By Chris Sciacca
AAAI recognizes Watson for what it can, and will do
The Association for the Advancement of Artificial Intelligence (AAAI) awarded IBM Research’s Watson team the 2013 Feigenbaum Prize “for recognizing and encouraging outstanding Artificial Intelligence research advances that are made by using experimental methods of computer science.” IBM Watson Technologies Director Dr. Eric Brown, and his colleagues Drs. Chris Welty and Jennifer Chu-Carroll accepted the award, and donated the monetary portion of the prize to Wikimedia, on behalf of the team.
Brown, Welty, and Chu-Carroll have spoken extensively about Watson since its Jeopardy! win in 2011, with Brown most-recently creating a TED-Ed lesson on cognitive computing that featured Watson’s latest work. They answered a few questions about their work in AI, what’s next for Watson, and what it means to win the Feigenbaum Prize.
Watson now works in healthcare and customer service. What is the team “teaching” Watson, today?
Our team continues to focus on the medical domain to drive Watson’s improvements. We like working in this area because one, it has important societal benefits, but also because of how it forces us to think about how to develop Watson’s technology.
Healthcare problems are complex. And every health issue a patient deals with has years’ worth of background information associated with it. Physicians can’t have all of this information assimilated into their brains. Watson relieves them of that cognitive burden by accessing that information – helping them make more informed decisions.
As we develop new and better ways to support how a doctor makes a decision, we’re also thinking about how the system can replicate across other domains. Because new domains require system modifications, a big part of what we’re doing is coming up with automatic techniques that adapt to these new domains.
Remember, when Watson played Jeopardy, while the clues reached across subjects and required understanding of wordplay, ultimately it needed just one correct answer. Applying the technology in something like healthcare is actually a dialogue. Watson produces possible answers, ranked in order of which ones it thinks are most correct, surfaces evidence of why it thought of those answers and can incorporate feedback from the user.
It’s an interesting challenge for us to make Watson a more natural problem-solving collaborator.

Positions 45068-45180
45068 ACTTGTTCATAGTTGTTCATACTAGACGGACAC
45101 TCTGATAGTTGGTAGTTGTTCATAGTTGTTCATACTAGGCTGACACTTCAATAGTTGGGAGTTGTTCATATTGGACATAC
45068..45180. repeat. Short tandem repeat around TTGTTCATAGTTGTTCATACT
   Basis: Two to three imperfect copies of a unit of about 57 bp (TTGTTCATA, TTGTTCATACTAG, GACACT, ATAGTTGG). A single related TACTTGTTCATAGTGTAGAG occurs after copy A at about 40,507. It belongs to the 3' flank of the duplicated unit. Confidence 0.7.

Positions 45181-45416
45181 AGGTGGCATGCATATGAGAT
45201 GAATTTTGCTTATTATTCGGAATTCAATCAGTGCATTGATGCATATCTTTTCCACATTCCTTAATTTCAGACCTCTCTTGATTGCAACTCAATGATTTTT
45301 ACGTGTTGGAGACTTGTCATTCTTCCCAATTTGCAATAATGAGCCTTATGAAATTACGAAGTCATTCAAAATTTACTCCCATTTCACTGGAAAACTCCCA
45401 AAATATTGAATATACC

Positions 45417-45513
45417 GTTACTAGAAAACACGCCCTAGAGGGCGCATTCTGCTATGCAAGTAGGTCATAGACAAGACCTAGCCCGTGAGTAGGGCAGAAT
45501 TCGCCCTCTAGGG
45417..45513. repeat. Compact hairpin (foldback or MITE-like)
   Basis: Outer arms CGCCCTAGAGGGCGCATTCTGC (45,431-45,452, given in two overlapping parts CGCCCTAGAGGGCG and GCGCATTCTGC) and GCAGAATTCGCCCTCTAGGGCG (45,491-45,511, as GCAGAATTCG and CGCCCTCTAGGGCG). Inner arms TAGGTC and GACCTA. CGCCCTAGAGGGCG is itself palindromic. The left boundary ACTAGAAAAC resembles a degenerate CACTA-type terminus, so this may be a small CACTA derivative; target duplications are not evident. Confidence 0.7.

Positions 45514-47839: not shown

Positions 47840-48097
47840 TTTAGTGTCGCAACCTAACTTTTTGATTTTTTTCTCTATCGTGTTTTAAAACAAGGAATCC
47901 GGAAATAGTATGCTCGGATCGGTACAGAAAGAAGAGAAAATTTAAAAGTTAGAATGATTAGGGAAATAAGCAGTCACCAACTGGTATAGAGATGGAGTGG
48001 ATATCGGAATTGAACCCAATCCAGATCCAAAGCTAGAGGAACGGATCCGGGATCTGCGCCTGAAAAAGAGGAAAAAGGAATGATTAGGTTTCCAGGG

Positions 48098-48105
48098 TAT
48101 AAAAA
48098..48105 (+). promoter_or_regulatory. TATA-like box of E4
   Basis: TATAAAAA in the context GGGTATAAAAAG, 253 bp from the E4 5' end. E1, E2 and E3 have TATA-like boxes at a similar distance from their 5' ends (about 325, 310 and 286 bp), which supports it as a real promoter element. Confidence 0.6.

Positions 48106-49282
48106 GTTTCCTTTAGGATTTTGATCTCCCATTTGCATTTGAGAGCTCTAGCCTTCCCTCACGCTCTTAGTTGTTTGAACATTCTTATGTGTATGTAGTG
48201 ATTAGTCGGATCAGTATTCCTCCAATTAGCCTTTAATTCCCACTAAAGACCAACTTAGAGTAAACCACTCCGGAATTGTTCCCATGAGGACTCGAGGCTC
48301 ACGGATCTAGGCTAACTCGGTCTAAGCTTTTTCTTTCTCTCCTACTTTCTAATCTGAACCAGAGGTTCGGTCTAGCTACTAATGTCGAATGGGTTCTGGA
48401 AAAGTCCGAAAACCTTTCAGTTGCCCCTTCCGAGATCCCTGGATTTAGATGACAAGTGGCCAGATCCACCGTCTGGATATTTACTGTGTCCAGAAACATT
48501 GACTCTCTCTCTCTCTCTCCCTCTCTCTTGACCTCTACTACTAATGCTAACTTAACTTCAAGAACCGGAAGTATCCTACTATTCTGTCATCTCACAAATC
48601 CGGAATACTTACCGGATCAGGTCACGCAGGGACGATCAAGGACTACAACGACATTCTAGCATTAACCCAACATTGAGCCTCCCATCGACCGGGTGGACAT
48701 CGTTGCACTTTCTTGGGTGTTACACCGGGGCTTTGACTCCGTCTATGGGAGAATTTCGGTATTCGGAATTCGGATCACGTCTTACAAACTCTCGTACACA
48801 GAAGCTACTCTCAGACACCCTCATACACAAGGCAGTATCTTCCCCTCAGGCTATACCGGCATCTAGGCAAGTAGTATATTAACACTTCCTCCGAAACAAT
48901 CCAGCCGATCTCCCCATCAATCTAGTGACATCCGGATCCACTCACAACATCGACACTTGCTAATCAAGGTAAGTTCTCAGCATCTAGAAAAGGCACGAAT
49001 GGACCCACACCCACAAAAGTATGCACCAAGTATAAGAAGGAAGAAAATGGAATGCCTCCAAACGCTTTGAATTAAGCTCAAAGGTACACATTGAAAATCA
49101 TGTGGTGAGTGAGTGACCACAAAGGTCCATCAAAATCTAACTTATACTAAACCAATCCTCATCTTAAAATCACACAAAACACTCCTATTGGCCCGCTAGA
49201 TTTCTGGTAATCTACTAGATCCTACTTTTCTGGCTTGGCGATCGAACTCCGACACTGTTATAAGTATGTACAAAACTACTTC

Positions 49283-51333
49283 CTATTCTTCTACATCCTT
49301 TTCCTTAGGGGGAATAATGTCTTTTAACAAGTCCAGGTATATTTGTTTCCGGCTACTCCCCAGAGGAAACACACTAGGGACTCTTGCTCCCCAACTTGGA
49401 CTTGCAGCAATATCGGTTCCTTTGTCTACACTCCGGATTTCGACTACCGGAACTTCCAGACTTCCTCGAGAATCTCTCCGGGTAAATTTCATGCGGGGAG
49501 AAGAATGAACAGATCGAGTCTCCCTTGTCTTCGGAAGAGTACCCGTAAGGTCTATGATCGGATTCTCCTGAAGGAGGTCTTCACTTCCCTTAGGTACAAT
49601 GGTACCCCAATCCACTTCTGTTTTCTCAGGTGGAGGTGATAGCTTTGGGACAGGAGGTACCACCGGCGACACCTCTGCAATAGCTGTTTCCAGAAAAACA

Watson harnessed an amazing amount of already-available computer horsepower to play Jeopardy! What will be needed, from a systems perspective, to advance AI?
One of the reasons Watson succeeds is that it’s an architecture designed to allow the integration of different kinds of analytics techniques. From a software engineering point of view, this lets experts from all different backgrounds to contribute to the system. To that end, it allows our team to be very creative.
This ability gets to one of the reasons for earning the Feigenbaum Prize. The prize recognizes Artificial Intelligence advances based on an experimental approach that emphasizes architectures, systems, and applications to real world problems. We’ve certainly followed that approach with Watson and believe that an experimental approach, especially one that leverages big data and a hybrid of rule-based and statistical techniques, will continue to be the best way to drive advances in AI.
Edward Feigenbaum is a pioneer in AI research. What does it mean to the team to earn this Prize? And why donate the prize money to the Wikimedia Foundation?
We were pleasantly surprised. It’s an honor, and particularly significant that the entire AI community is recognizing Watson’s accomplishment. The fact that the Prize looks for advances in AI based on an overall systems approach is an affirmation of our approach to applying Watson to solve problems.
We chose the Wikimedia foundation to recognize the contribution that Wikipedia and WikiData made to the Watson system that won on Jeopardy! The quality and coverage of Wikipedia was well suited as a source for answers to Jeopardy!’s clues.